March 19, 2008

no muss no fuss collaboration (guest post by Jenny Spadafora)

(Cross-posted from the Intuit Labs blog)

Last month, Krista and I launched a collaborative photo project. Every Monday and Thursday, we post a new diptych on our site. We don’t talk about what we are going photograph, other than in general terms (such as: how about “collected objects? for Monday?) and we don’t see what the other person shoots until it’s time to put the images together. So far, we think it’s working out well — and we’ve still never met.

Because I hear a lot of talk about supporting or enabling collaboration, I thought I’d write about our homegrown project, taking a look at the tools we’ve used to make it work. Anyone with an idea (and a willingness to get just a wee bit geeky with it) could do something like what we’ve done. Here’s how we did it:

I wrote about how the project I was currently involved in (365 Days) was almost over, and I was wondering what to do next. The spark for what would become Monday / Thursday happened in the comments to that post.

email It may be , but email is not dead. We followed up the blog comments with email. As the project took form, longer things that weren’t urgent went to email.

Most of our talking happens on iChat. Yeah, both have Macs with video chatting capability, but we’ve only used it once. We’re texty people.

Since my coconspirator is busy teaching classes and writing her dissertation, I volunteered to handle the back end stuff. I chose WordPress because it was familiar, extensible, and available as a one-click install from my web host. After spending some time looking at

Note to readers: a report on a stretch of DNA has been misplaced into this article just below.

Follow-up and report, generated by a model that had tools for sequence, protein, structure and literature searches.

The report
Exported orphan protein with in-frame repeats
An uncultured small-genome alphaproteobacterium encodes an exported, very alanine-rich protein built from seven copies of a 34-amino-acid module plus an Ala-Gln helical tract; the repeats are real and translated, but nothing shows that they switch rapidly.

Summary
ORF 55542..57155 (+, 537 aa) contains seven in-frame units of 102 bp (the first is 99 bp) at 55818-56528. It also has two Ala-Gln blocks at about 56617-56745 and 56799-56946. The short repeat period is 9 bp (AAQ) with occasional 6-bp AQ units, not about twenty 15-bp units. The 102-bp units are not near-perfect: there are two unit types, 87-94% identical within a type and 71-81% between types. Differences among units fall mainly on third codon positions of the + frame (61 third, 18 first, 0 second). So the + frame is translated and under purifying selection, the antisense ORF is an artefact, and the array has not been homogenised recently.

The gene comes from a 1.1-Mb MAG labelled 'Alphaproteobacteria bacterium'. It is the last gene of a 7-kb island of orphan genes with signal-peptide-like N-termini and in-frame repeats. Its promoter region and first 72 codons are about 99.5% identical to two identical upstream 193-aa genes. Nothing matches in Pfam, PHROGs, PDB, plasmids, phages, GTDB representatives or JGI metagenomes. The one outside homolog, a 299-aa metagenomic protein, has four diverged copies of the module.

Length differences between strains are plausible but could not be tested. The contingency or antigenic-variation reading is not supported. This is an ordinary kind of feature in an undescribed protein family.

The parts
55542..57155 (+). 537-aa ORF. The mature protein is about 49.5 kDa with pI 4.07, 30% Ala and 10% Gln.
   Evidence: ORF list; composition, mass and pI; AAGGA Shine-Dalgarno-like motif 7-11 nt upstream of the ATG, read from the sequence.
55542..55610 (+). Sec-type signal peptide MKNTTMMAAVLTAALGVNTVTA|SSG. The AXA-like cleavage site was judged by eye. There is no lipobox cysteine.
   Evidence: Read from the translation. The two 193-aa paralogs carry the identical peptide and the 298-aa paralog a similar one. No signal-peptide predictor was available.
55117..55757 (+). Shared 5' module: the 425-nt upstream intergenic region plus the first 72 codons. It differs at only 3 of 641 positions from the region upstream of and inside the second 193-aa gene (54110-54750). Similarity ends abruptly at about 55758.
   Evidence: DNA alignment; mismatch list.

readymade themes, I figured I’d be better off creating my own. (I also knew we’d be revamping this site, so what I’d learn would be put to immediate use at work.)

I opened a new pro account for the project: it’s great for image storage and sharing, and I knew we’d never, ever run into bandwidth issues this way. We each upload our half of the diptych and mark as private (so it stays out of public view until it’s finished), take turns grabbing the images, creating the diptych and uploading that image to flickr, and then cutting and pasting the auto-resized large version into a post on our site. I’m sure posting to our site could work automagically via flickr’s API — sites like Utata use flickr’s API — but I’m not a programmer and this is low volume enough the old-fashioned way really isn’t a pain.

Google Calendar
We use this to keep track of our themes, which we plot out about a month in advance. (Recently, I switched to iGoogle as my home page, so I can see at a glance what I’ve got to do , if I have any mail, and what’s up on the calendar. The theme of the page also gives me visual cues about time, as a cute little tiger progresses through her day.)

We use it to communicate and broadcast status messages in general, so it’s easier to get in touch with each other. If one of us is online but not on chat, we can DM each other. Or just know hey, she won’t be around for awhile because she’s stuck in meetings or off to the movies or whatever one of us just twittered we were up to.

It think it’s also worth noting what we didn’t need to pull this off: a complicated project management system, every detail nailed down way in advance, an inordinate amount of time, or a lot of money. We mostly took advantage of things we already had (my hosting account was already set up to handle multiple domains; I knew WordPress well, we were both used to flickr) to do something we loved (challenge ourselves creatively).

January 28, 2008

Guest Speaker: Jenny Spadafora, Intuit Innovation Lab

I'm going to post these talks here as well as in Moodle. Don't forget that there is commentary for each slide. If you have trouble seeing the talk bubbles, try clicking on the Floating Head of Jenny on the left side.